Waxman and Markey attempt to reignite US carbon tax debate

The Congressmen behind the ultimately doomed effort to deliver a US carbon trading scheme have reignited efforts to introduce a carbon pricing mechanism, teaming up with former opponents to issue a renewed call for a more coherent US climate change policy.

Democrats Henry A. Waxman and Edward J. Markey teamed up late last week with Republicans Sherwood Boehlert and Wayne Gilchrest, formerly Congressmen for New York and Maryland districts, to pen a joint editorial in the Washington Post arguing that a carbon tax could tackle both the environmental and the fiscal crisis the US faces.

Warning that the US debt ceiling is likely to have to be raised again at the end of the year, the former and current Congressmen argue that an overhaul of green taxes could help address the “seemingly intractable challenges” of debt and climate change.

“The debate over how to reduce our nation’s debt has been presented as a dilemma between cutting spending on programs Americans cherish or raising taxes on American job creators,” they write.

“But there is a better way: we could slash our debt by making power plants and oil refineries pay for the carbon emissions that endanger our health and environment. This policy would strengthen our economy, lessen our dependence on foreign oil, keep our skies clean – and raise a lot of revenue.”

The group argues that the best approach would be to revive plans first put forward by Waxman and Markey in 2008 for a national emissions trading scheme, noting that such a scheme could “raise $200bn or more over 10 years and trillions of dollars by 2050 while cutting carbon emissions by 17 per cent by 2020 and 80 per cent by 2050”.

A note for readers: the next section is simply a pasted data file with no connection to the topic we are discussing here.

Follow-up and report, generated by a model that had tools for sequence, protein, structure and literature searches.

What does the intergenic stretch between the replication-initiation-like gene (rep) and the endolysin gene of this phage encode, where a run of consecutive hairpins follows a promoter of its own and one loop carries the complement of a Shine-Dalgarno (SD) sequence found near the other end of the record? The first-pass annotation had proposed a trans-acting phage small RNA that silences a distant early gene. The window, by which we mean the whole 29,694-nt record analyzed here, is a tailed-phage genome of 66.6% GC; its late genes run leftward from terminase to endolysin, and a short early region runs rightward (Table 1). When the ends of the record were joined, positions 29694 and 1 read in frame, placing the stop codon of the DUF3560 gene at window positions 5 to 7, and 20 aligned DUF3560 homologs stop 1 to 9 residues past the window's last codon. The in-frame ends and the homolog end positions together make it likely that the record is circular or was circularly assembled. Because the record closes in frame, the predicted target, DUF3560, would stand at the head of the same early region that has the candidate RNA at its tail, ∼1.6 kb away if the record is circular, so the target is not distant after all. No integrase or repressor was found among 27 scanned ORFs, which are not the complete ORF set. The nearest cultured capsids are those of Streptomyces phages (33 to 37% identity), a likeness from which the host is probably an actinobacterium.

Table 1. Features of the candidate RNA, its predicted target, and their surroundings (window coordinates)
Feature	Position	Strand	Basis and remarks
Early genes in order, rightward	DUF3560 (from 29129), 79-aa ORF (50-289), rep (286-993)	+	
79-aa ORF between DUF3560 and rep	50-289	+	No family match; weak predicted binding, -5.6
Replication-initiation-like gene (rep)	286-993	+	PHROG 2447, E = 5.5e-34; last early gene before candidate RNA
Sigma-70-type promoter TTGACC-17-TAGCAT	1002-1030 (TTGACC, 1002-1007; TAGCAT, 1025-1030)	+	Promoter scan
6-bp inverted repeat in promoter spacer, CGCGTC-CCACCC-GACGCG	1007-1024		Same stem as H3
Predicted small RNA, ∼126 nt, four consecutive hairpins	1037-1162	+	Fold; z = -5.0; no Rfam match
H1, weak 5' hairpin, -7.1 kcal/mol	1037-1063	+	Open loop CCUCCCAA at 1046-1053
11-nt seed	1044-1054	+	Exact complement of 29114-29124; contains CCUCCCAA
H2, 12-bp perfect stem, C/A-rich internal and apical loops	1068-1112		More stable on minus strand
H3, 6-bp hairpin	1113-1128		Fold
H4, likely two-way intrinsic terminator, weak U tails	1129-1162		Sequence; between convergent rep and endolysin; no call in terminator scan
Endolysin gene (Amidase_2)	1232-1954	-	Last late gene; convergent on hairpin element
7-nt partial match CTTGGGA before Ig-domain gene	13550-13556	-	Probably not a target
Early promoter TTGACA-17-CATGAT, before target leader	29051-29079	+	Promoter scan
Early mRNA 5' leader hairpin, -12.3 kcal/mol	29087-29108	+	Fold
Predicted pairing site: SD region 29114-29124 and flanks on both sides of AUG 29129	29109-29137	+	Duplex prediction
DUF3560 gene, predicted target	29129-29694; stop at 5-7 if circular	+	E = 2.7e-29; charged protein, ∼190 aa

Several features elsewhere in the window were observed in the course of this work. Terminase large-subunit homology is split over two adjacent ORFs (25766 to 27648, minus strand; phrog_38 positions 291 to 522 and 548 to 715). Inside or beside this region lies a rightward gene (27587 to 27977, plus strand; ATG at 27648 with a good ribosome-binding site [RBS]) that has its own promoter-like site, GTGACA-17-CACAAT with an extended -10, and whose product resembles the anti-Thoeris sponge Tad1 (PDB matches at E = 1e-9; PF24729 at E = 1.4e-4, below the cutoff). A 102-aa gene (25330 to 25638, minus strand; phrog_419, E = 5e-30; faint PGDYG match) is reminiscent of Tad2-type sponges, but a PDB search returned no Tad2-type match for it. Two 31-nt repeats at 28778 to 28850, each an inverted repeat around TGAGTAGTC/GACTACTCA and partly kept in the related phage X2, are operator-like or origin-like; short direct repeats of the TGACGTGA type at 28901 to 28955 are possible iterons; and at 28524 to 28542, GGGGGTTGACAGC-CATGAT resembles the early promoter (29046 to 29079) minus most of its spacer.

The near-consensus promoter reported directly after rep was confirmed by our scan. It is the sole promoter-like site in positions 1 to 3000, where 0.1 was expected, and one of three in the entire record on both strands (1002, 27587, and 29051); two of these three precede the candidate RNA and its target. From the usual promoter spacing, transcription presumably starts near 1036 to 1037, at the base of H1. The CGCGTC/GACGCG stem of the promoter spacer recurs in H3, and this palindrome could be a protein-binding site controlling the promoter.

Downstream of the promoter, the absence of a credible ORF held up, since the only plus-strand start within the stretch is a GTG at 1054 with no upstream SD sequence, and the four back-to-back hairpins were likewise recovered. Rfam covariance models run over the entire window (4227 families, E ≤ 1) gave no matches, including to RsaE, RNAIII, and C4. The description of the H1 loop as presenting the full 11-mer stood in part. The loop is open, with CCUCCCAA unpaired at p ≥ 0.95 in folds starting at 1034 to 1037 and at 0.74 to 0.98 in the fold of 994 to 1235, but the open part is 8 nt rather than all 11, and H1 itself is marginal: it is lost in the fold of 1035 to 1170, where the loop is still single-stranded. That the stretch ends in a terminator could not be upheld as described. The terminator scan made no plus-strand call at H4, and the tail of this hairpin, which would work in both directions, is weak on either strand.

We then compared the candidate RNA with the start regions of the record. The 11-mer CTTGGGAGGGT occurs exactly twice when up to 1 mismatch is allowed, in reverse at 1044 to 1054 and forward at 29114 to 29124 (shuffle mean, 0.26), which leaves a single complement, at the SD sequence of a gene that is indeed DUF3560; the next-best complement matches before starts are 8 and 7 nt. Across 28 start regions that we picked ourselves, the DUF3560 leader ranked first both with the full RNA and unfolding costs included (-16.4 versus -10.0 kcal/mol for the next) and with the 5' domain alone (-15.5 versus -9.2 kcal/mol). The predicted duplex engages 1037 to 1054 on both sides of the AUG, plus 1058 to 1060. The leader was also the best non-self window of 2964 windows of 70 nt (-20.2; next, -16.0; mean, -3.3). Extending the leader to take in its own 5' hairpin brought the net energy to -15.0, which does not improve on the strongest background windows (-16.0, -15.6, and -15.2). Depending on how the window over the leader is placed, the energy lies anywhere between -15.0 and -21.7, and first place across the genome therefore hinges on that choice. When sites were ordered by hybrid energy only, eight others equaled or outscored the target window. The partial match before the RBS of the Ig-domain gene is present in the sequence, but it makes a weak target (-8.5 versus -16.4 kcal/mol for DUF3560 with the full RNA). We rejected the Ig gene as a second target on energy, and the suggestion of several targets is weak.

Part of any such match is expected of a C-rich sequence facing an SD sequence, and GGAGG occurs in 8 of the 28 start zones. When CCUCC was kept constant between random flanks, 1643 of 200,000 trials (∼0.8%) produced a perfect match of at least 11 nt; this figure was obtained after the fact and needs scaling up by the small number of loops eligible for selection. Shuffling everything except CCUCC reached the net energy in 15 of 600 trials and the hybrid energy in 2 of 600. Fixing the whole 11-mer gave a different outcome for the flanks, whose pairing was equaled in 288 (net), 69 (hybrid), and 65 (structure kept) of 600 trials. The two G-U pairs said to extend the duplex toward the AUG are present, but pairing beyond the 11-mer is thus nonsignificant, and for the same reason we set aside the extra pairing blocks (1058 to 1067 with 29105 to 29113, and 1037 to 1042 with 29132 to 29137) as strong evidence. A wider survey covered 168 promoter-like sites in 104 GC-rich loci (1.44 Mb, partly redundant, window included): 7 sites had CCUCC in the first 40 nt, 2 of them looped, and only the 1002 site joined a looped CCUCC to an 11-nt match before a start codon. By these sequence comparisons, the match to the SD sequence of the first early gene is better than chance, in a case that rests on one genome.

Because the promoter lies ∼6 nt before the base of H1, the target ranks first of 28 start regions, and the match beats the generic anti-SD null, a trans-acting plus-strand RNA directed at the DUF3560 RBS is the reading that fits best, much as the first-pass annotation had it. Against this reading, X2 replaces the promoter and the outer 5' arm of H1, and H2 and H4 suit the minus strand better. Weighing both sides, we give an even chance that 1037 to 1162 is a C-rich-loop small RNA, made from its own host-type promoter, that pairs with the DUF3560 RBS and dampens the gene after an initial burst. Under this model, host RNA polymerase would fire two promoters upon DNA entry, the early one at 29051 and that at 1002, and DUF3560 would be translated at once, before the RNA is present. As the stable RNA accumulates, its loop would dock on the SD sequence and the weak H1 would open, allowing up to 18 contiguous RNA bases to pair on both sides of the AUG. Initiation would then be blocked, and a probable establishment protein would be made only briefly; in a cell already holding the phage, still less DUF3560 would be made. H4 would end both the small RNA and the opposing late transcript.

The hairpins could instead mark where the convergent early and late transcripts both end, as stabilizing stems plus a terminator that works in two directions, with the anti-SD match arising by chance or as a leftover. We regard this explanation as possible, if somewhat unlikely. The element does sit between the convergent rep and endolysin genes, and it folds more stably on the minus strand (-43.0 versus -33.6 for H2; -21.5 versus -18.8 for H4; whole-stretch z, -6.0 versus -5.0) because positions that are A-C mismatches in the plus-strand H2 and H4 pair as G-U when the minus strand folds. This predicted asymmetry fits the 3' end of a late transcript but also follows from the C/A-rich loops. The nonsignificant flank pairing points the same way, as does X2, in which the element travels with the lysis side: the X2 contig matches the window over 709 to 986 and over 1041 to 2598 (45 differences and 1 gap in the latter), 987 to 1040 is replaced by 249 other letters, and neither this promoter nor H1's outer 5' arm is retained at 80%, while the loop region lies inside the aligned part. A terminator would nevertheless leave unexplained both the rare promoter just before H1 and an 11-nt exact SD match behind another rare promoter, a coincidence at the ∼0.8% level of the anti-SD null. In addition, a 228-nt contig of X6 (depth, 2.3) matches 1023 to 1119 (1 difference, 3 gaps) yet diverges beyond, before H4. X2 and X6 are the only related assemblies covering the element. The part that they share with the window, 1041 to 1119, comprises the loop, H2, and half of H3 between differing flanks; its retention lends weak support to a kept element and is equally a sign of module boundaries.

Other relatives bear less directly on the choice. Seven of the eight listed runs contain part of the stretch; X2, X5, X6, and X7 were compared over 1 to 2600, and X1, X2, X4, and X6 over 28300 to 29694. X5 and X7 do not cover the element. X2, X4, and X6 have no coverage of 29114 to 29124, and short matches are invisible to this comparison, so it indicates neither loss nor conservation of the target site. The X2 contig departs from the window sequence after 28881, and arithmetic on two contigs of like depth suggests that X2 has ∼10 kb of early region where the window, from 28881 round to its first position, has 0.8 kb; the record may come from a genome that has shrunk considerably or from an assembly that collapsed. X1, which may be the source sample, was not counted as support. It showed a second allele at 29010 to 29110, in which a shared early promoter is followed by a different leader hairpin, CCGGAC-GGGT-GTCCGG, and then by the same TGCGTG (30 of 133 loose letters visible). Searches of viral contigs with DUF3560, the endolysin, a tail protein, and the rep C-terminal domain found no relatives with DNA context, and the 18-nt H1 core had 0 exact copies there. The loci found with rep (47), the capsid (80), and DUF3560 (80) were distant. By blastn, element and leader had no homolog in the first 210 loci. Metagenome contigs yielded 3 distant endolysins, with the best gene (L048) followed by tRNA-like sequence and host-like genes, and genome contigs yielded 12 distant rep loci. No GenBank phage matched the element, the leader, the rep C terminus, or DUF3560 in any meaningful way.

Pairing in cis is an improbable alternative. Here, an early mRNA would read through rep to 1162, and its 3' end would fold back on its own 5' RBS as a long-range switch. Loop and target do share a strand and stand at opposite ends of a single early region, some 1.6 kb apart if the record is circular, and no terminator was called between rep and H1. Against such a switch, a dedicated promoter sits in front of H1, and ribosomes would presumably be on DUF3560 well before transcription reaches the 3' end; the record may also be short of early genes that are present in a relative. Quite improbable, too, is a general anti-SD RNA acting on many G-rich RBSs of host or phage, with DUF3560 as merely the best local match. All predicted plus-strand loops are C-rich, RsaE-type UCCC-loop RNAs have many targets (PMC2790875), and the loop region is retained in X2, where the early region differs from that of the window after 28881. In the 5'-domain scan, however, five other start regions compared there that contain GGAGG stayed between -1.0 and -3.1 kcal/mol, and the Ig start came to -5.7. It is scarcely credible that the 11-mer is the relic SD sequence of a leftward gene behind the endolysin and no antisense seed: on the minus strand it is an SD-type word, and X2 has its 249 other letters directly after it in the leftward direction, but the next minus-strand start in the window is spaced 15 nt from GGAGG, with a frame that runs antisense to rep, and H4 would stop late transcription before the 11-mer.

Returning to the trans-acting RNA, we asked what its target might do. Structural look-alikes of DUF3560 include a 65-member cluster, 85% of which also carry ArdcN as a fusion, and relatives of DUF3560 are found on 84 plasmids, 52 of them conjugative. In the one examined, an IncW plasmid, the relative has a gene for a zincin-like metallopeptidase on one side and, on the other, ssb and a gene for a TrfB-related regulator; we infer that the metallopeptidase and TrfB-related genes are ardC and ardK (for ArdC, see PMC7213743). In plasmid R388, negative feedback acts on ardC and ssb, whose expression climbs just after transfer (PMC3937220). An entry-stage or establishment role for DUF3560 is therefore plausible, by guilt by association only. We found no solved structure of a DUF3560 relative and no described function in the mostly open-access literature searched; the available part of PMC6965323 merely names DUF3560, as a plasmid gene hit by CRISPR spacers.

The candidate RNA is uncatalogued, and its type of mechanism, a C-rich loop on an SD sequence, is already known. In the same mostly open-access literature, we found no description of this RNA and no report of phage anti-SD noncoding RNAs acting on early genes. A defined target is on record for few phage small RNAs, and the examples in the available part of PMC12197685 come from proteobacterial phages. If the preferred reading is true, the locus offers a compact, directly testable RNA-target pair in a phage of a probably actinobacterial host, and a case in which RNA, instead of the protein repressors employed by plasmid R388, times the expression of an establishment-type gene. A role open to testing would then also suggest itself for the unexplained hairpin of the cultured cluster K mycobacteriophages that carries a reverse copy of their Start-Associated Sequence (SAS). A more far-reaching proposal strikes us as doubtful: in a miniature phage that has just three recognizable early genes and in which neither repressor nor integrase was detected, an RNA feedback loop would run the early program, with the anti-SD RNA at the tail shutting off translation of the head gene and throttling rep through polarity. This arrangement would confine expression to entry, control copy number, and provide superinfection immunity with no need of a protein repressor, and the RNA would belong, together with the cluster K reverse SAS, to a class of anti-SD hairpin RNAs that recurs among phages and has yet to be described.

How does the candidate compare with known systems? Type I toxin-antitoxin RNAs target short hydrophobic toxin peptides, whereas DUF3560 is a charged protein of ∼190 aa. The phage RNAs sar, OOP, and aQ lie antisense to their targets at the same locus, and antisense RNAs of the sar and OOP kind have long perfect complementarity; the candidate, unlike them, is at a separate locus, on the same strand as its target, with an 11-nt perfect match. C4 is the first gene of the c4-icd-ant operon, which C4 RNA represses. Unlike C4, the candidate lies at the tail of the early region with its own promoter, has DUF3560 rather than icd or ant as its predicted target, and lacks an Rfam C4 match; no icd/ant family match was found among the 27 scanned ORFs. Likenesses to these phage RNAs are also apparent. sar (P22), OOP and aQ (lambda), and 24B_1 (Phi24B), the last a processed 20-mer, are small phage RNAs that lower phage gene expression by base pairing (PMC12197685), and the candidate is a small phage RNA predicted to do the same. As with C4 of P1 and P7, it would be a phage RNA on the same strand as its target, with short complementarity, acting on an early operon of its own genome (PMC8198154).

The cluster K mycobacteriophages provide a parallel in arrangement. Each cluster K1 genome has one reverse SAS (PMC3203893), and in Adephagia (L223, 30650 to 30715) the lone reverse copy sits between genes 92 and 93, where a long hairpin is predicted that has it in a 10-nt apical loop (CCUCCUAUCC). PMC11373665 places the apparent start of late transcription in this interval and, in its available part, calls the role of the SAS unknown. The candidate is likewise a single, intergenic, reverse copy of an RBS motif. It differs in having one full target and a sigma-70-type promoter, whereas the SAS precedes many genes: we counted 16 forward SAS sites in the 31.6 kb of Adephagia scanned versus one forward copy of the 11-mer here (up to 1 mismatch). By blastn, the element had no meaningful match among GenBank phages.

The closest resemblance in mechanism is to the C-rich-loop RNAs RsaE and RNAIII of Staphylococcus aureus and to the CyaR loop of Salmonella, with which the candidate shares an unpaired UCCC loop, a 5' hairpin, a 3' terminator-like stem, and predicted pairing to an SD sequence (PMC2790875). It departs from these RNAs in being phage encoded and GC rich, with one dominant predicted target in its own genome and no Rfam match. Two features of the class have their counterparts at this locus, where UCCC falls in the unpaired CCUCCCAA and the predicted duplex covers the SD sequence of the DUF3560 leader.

“A market-based policy would be a catalyst for international action, help protect US families from ecological disasters and level the playing field for clean-energy sources such as wind and solar,” they continue. “It would spur research into and development of electric batteries, carbon capture, storage technologies and the like.

“And it would provide urgently needed certainty for business and industry. During the past Congress, the chief executives of leading energy, chemical and manufacturing companies endorsed comprehensive climate legislation. They told us that they have deferred hundreds of billions of dollars of investments until they know what they will be required to do to protect the planet.

“And they said that delay in addressing climate change puts our country’s competitiveness in jeopardy, allowing China to race ahead of the United States in building the clean-energy industries of the future.”

The foursome also argues that with Democrats and Republicans at loggerheads over how to tackle the deficit, an entirely new approach for generating revenue could end the deadlock over spending cuts or tax hikes for the wealthy.

The intervention looks to be part of a push to try and secure a revamp of US climate change policy if President Obama secures re-election later this year.

Environmental issues look set to be a key battleground during this year’s presidential elections with each of the candidates for the Republican nomination attacking Obama’s green policies and questioning scientific understanding of climate change.

You can return to the main Market News page, or press the Back button on your browser.